Day 2: The Curator Arrives

It was his practice when in a hotel room to booby trap his door.  He knew that card key locks were easily hacked.  He knew full well of software available for the Arduino processor board that when plugged into the tiny DC power port hidden just under the doorknob of most hotel rooms with similar card key systems would open nearly any hotel room door.  It was an easy matter of reading the 24-bit string from the lock and then pinging it back, in effect spoofing and triggering it to unlock.  It worked most of the time, like clockwork, so he always brought with him a tension bar to slow down anyone who attempted entry to a room he was staying in using this method.  But on this morning he awoke in his room with the barrel of a ceramic Glock pressed against his left eye.

“You slept with your sliding glass door unlocked…you should know better,” said the South Korean.

“I figured I was safe on the fourth floor,” he answered, drool from the night still crusted to his lips.  The South Korean laughed, slipped the gun back into his jacket, took a peach from the fruit plate, and then sat down on the couch.

“You dummy.  I’m in the room next to you.  I just climbed over, saw you asleep, and let myself in.  You’re lucky there’s honor among thieves,” said the South Korean as he ate the peach.  “Let’s go downstairs and get some coffee.  It’s already ten o’clock.”

The Canadian had recently quit coffee, because on the Toronto job he had been under such tremendous stress that he thought he was going to have a heart attack.  He decided to go cold turkey, and lost a weekend to withdrawals so severe that he could have been coming off of heroin.  The pounding in his head had eventually subsided, and he was free of caffeine — however this seemed like a good time to start coffee again.

“Espresso, doppio,” he asked the waiter, and within minutes that brown bear oil was in his system again.  Another weekend would eventually be lost, but not on this trip.  He needed the boost to overcome his jet lag.

Slowly the other Jury members collected at the hotel patio.  They were scheduled to meet the Curator, who had arrived early that morning.  He was aware of the Curator’s reputation.  Though not in the Thieve’s Guild, he was well known as a leading member of the Assassin’s Guild.  The two guilds had long had a truce and non-competition agreement between them — a policy of mutual respect.  As it turned out, he was Swiss-German, and spoke with a lively accent too rapid for the Woman From Paris to always understand.  He was known as the Curator because he “took care” of people and situations, which was the Latin root of the word.  He was an artist in his own right, and had an appreciation and respect for the business of the other Jury members.  During these ten days he would be one of them, and perhaps if they found themselves in accord he would be one of them forever.

Over the next several espressos (except for the Woman From Paris, who always drank tea) they discussed how their business had changed since the collapse of the world economy.  It was much more difficult these days to pull a heist when Wall Street had just performed the largest crime against humanity since the great pyramids had been constructed.  The massive transfer of wealth had meant that the little jobs the Canadian specialized in that mostly went under-the-radar were suddenly few and far between.  This is why mutual recognition amongst thieves at this time in history was important.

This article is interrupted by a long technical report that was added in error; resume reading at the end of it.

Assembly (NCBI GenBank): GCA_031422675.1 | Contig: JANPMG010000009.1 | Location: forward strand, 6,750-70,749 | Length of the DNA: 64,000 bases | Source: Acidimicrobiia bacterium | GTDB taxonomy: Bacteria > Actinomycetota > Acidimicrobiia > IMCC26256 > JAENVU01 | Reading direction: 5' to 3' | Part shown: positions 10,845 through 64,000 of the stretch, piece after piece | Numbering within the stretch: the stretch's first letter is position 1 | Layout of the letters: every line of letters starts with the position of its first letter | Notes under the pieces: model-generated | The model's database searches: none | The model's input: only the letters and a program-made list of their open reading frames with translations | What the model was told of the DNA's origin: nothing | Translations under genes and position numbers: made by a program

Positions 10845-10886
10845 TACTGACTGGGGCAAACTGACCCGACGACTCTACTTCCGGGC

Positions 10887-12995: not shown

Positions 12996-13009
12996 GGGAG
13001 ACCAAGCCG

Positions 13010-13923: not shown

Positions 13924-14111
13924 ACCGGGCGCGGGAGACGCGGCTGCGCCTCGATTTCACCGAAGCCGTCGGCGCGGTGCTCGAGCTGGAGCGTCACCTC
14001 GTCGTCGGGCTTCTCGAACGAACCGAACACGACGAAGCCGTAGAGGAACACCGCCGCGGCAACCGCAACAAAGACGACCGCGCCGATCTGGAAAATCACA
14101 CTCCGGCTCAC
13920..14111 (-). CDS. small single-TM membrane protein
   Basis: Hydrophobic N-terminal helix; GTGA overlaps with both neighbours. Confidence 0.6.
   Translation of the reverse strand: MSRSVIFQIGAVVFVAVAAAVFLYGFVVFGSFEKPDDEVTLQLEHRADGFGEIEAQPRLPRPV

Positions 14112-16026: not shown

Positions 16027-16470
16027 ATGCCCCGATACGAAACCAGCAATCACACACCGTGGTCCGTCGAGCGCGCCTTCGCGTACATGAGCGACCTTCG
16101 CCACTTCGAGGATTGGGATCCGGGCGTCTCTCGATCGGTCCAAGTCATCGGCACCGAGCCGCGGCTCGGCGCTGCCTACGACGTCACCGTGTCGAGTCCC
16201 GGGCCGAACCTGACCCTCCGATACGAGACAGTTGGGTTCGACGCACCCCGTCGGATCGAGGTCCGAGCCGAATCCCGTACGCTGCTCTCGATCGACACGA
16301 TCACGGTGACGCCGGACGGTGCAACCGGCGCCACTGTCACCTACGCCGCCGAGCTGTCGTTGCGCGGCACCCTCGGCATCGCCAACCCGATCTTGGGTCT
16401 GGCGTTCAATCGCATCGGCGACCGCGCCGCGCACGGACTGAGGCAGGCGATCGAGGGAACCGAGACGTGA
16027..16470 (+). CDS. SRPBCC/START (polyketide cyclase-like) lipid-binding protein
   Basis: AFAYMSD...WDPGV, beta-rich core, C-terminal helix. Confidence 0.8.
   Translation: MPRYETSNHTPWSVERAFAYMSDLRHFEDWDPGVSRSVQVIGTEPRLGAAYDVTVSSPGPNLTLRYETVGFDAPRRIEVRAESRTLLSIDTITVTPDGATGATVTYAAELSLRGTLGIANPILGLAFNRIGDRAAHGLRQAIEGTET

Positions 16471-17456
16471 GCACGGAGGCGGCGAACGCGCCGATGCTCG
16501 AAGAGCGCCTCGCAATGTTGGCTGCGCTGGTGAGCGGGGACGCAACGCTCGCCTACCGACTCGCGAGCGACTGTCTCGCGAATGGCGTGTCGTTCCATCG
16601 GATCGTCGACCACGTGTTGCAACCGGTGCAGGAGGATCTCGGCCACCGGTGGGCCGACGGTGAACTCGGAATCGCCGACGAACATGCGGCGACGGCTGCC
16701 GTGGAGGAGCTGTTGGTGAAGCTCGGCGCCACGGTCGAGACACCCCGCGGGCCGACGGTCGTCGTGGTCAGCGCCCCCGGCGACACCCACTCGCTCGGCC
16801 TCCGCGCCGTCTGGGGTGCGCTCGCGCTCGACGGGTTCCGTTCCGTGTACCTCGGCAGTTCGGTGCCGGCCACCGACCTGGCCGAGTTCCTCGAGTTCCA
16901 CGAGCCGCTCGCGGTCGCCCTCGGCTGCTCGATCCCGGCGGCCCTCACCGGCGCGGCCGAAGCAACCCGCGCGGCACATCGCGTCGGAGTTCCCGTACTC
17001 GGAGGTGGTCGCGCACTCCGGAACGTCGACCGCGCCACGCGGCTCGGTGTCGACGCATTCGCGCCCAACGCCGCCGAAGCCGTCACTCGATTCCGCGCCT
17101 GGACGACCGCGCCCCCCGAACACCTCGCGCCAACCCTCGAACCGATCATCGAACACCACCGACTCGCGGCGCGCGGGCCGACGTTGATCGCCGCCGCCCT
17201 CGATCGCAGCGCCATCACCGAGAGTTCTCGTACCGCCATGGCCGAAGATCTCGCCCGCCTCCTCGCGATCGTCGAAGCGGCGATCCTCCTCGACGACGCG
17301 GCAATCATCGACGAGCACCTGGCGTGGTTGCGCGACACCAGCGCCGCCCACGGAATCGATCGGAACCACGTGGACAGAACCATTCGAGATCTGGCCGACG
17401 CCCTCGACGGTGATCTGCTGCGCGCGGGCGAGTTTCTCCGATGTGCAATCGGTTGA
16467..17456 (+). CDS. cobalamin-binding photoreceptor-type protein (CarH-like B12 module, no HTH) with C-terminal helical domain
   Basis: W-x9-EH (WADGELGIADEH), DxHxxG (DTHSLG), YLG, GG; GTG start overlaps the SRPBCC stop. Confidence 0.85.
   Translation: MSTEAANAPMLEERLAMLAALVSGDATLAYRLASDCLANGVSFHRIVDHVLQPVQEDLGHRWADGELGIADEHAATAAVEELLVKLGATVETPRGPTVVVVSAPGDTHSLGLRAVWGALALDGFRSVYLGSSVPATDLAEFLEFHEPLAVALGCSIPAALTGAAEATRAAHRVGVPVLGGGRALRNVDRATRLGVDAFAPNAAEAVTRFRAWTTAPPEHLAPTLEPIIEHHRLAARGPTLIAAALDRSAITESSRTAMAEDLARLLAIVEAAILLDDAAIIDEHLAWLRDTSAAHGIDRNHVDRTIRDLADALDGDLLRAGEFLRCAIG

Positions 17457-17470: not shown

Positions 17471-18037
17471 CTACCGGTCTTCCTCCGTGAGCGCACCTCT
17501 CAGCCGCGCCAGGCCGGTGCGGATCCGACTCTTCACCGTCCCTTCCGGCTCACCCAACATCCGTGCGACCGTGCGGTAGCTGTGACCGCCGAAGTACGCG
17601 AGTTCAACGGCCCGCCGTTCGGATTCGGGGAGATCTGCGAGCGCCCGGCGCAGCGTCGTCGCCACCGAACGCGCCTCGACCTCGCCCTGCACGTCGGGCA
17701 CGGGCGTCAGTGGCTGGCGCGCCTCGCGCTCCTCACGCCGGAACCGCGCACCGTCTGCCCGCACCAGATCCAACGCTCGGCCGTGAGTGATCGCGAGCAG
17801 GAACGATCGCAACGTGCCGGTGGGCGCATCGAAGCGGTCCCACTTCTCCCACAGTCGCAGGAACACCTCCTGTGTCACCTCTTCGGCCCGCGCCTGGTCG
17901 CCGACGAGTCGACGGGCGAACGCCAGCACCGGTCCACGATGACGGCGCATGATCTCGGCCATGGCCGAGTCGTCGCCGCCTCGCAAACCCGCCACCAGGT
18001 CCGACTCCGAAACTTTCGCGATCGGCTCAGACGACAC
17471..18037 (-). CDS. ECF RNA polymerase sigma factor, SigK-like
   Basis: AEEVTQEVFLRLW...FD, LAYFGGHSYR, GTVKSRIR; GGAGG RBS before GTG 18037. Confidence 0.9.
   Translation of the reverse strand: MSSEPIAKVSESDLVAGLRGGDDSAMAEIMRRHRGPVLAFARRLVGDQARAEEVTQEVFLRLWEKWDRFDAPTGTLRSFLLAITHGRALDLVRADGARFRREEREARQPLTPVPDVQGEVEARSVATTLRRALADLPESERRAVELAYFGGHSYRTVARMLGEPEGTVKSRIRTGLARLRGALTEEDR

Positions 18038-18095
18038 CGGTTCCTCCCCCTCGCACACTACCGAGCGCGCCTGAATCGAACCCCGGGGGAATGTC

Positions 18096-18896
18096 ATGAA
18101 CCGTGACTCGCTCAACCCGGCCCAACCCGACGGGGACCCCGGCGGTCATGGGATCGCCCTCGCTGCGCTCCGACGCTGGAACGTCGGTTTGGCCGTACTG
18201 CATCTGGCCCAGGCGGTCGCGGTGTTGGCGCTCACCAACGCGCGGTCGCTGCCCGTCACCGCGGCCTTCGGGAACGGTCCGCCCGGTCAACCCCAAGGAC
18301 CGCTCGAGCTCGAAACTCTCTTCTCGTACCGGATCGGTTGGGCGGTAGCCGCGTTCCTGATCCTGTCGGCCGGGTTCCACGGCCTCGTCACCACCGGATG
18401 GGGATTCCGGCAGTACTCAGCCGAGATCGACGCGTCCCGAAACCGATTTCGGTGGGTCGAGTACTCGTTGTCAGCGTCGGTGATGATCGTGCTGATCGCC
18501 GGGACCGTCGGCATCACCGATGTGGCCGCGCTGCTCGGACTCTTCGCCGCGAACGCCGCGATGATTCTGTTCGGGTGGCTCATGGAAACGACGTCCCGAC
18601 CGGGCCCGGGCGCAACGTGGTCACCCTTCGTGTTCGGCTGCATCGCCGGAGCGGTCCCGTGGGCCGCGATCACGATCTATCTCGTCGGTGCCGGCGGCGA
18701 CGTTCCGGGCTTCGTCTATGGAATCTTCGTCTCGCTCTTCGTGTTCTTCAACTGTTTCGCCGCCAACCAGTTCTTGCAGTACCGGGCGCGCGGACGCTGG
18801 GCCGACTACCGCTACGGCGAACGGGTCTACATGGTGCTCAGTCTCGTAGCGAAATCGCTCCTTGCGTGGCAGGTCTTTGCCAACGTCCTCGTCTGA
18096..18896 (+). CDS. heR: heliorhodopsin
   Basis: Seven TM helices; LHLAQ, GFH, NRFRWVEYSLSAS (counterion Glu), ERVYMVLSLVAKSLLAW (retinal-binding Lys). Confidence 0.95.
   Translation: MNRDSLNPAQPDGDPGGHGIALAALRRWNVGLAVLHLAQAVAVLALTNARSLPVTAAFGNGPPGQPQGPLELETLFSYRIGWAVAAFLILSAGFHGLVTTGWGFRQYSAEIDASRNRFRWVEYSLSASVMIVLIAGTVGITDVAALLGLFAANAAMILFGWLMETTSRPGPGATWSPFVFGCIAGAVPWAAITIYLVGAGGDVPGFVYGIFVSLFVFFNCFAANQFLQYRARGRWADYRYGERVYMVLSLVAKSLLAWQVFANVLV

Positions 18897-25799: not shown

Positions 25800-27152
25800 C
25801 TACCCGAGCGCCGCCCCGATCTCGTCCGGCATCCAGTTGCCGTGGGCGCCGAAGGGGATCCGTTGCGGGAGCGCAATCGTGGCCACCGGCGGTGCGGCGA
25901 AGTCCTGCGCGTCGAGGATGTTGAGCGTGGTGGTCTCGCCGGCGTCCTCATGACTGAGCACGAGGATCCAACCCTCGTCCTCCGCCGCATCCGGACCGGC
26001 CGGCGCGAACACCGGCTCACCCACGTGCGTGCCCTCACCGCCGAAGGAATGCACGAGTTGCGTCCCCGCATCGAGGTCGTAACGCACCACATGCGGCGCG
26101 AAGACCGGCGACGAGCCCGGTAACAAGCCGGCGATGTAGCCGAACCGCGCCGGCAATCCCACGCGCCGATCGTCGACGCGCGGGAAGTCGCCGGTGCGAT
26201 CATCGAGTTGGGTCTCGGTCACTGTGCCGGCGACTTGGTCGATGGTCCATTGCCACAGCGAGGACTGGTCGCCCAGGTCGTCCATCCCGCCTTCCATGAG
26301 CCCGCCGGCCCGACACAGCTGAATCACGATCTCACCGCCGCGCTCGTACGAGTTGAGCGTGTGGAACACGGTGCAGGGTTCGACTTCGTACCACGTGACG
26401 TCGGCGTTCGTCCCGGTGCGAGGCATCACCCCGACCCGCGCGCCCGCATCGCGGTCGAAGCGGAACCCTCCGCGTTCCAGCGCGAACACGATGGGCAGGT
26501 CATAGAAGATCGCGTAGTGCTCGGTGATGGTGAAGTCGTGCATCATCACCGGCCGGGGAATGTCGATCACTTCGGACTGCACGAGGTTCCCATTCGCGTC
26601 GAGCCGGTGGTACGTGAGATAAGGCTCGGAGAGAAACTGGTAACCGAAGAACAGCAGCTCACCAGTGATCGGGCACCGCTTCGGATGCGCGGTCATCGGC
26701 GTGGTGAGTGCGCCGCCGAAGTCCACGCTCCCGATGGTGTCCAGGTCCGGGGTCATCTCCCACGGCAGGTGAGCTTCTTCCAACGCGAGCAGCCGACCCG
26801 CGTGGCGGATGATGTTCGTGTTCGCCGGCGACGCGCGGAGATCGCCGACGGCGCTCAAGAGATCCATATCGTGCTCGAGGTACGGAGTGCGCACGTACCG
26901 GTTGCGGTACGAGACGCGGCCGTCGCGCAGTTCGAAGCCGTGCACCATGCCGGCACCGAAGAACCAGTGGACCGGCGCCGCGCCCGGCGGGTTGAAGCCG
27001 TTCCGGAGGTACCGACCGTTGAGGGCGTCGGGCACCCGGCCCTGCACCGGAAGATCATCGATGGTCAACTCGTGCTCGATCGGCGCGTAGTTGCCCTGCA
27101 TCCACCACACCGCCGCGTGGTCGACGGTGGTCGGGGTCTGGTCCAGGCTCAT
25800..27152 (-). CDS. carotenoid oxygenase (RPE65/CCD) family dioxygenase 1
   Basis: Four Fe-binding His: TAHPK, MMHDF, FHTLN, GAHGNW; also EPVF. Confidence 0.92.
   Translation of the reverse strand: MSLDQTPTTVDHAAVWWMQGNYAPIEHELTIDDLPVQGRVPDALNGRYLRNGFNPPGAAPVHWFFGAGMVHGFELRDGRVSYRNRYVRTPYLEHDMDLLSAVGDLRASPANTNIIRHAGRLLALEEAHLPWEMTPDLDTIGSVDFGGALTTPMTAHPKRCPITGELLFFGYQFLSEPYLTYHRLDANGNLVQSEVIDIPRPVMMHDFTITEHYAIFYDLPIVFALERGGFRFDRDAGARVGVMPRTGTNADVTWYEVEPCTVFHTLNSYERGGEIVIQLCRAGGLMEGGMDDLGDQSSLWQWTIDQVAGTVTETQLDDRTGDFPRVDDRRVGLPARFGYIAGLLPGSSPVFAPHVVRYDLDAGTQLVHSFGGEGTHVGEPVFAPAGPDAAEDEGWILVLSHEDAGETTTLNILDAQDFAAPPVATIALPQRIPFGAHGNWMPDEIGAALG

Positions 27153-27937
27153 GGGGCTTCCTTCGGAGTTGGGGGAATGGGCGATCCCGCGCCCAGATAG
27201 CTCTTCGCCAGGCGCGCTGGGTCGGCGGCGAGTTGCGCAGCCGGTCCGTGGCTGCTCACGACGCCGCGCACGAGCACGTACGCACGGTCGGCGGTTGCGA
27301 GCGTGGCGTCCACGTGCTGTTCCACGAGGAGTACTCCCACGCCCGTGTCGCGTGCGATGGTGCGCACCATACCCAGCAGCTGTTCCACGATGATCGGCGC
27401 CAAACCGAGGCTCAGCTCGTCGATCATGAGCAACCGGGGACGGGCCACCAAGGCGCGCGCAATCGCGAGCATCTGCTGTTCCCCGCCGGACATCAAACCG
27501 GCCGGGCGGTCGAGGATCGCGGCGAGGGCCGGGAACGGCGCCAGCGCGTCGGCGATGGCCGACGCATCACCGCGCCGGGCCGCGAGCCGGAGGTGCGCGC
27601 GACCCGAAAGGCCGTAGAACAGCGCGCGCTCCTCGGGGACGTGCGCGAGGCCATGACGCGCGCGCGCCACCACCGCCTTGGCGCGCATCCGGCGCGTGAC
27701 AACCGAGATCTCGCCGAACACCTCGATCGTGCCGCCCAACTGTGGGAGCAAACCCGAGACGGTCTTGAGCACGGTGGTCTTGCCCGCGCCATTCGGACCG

They also discussed how the gradual rise in global Fascism had changed their business.  Capitalists were easy to steal from — they were thieves themselves and somehow expected the behavior as a natural part of the ecosystem.  Fascists on the other hand aren’t thieves, but brute force murderers.

Eventually, they were visited by The Programmer, a Parisian whose job it was to collect together the options the Jury would choose from.  He knew everyone, and was everyone’s friend, but he was also a notorious control freak.  He laid down the ground rules, and instructed the Jury to find an accord when choosing the Best.  He also gave strict instructions of how to behave around the thieves who were in competition for the Prize.  The Canadian had known him for years, and when he had offered the Canadian the honor of serving on the Jury it had been a vote of confidence.  The Canadian wouldn’t fail him.  There was too much respect for that.

For the rest of the day they studied a heist by The Mexican and also one by a relatively young American thief known as The New Yorker.

That night they collected to study one of the famous heists pulled off by the Jury President, the Thailander, which had been orchestrated on the border of Thailand and Laos.  It had been a relatively short job, and was elegantly simple in its design.  Despite the fact that the take had been relatively small, one could tell that an artist’s hand had controlled its execution, and it was individual in a way that made the Canadian deeply admire the Thailander’s subtlety.  He always did things his own way, and had won the recognition of his peers.  This was inspirational to the Canadian — that not every heist needed to pull in the big bucks.  A true thief pulled a heist because it was in their soul to do so.  The Canadian, seeing how at peace the Thailander was, resolved to not shackle himself to the big scores.  He wanted to return to the art of his profession, and to do that he would adapt his approach on future jobs.

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About The Canadian

One of five members of an International Jury serving in Locarno, Switzerland.
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